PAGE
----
We might then ask, “How can we grow if we are to remain rooted in the basic understanding of the Gospel that we first received?” Pauls third point gives us the answer ...

III. As you were taught ... be established in the truth

Here we have a summons to a deeper Christian understanding; not, as we have seen, by rejecting the truths of the Gospel that we first received – but by seeking to understand at a deeper level the basic truths and their implications on our life.

It’s a bit like putting a fence post into the ground and then, after filling the hole with soil, ramming the earth around it to make it even firmer.

To be established in the faith is to be consolidated in the truth.

How do we do this in practical terms? Well, this points out the importance of biblical teaching and having a desire to learn. It points out the importance of reading and studying our Bible. It points out the importance of the Ministry of the Word part of our church services – we would not grow if all that we had in our Church Service was the sacrament of the Eucharist.

But again, we must ensure that the new learning is consistent with the old – the saving gospel truths that first led us to Christ must remain our foundation. They are not replaced by some more complex or superior truth – rather they are understood more.

To summarise:

The letter to the Colossians (2:6-19) indicates that we must be on our guard against deceptive philosophy or false, worldly teachings that might lead us astray from the truths of the gospel found in Jesus Christ.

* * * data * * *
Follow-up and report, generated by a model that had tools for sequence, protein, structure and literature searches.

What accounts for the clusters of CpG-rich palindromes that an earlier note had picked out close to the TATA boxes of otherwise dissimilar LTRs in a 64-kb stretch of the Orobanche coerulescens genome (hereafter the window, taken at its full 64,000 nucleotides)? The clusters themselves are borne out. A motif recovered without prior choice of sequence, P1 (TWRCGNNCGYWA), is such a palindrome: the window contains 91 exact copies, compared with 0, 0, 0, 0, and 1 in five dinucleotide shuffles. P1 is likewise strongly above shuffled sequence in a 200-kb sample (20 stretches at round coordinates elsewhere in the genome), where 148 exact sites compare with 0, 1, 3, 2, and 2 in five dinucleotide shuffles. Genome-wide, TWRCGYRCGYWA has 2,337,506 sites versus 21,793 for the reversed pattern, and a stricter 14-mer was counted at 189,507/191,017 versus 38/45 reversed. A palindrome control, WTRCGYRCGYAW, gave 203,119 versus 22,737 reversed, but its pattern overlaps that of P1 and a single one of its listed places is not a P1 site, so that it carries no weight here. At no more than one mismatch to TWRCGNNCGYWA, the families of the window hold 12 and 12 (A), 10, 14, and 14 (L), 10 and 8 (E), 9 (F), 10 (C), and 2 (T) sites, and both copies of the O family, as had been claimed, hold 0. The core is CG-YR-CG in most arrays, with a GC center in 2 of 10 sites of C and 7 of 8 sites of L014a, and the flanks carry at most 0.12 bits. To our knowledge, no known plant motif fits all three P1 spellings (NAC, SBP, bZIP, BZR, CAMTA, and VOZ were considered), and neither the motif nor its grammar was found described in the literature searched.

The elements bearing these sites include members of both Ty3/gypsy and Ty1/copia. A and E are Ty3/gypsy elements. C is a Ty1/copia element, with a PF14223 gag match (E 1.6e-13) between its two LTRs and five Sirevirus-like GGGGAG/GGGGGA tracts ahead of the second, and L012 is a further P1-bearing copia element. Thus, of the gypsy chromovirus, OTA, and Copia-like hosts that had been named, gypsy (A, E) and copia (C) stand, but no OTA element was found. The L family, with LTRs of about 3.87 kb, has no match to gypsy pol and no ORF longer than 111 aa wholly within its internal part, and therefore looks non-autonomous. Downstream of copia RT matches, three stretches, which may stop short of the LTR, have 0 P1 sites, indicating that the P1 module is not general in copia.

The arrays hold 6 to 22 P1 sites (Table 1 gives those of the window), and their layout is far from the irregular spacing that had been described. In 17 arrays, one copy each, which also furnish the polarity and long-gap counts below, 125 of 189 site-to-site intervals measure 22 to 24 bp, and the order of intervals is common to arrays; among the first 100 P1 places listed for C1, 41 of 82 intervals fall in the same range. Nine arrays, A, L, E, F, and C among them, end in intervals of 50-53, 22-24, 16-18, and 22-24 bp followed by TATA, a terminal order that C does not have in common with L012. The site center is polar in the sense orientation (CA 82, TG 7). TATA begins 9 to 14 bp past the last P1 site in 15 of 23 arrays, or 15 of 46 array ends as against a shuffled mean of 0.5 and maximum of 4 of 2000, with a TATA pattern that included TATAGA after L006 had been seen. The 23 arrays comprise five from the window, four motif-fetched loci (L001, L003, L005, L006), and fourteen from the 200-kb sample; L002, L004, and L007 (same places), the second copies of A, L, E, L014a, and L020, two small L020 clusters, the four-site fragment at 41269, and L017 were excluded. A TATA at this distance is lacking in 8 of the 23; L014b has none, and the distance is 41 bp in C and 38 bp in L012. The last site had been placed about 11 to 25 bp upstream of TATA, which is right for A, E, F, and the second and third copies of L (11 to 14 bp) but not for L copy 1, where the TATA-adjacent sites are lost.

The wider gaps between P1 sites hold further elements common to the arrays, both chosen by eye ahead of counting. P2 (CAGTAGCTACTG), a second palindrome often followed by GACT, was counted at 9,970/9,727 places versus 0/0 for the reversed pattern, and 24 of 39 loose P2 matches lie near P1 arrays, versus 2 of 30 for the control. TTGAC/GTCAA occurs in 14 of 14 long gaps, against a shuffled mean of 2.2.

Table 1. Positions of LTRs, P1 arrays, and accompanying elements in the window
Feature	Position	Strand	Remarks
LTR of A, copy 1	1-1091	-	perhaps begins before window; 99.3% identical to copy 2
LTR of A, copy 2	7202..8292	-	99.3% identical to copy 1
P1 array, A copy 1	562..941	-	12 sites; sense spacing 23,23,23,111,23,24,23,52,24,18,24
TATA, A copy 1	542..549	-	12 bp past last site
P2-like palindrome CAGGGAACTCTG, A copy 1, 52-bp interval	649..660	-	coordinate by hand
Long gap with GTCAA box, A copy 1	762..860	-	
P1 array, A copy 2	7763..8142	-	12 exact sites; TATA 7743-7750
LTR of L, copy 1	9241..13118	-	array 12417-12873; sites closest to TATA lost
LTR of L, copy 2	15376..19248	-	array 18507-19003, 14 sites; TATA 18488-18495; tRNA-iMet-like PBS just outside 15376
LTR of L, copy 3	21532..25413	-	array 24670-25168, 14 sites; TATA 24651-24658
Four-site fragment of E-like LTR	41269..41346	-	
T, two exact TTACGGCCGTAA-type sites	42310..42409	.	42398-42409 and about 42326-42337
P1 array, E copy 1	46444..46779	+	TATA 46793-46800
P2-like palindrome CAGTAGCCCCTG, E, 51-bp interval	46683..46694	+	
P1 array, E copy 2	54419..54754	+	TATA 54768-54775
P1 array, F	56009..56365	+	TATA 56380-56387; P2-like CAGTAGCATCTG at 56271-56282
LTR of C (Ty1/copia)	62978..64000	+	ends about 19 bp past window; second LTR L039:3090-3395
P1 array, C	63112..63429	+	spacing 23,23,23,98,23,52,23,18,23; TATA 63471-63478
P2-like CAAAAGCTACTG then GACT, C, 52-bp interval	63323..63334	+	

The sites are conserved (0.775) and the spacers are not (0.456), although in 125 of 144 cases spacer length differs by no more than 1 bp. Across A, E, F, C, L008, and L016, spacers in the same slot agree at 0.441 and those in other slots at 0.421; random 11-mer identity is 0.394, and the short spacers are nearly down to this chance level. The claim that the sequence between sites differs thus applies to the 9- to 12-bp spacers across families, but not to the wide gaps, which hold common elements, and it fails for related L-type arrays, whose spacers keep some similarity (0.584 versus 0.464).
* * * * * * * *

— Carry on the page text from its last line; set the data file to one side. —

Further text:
Some Colosse church members were desiring a higher level of spirituality; but in its pursuit, were rejecting the simple truths of the Gospel that they had first received – the truths that caused them to accept Jesus as Lord and Saviour in the first place.

Nevertheless, this passage indicates that there is a deeper fullness of the Christian life that is to be pursued.

This fullness in the Christian life is found in Christ – in his deity, in his mission, his death and resurrection, and in his teaching and example. It is attained through seeking to know him more; and through teaching and learning that leads to a more comprehensive knowledge of the fundamental truths of the Gospel. All growth in the Christian life must be consistent with its beginnings.

Perhaps an illustration might help to clarify the message of Colossians 2:6-19:

You may have seen the Brush Box trees that grow in our rainforests - they are huge trees. How did they grow to be so huge?

Well, the first seed fell into the very rich volcanic soil that occurs in the rainforest. This rich soil might be compared with the richness of the fundamental truths of the Gospel. The seeds took shoot and grew in this soil – they were not transplanted into some other soil. Instead they sank their roots deeply into this same rich soil and consolidated their ability to take up the nutrients in this soil. This enabled them to grow to the full stature of giants.

You and I should be like those trees. Amen.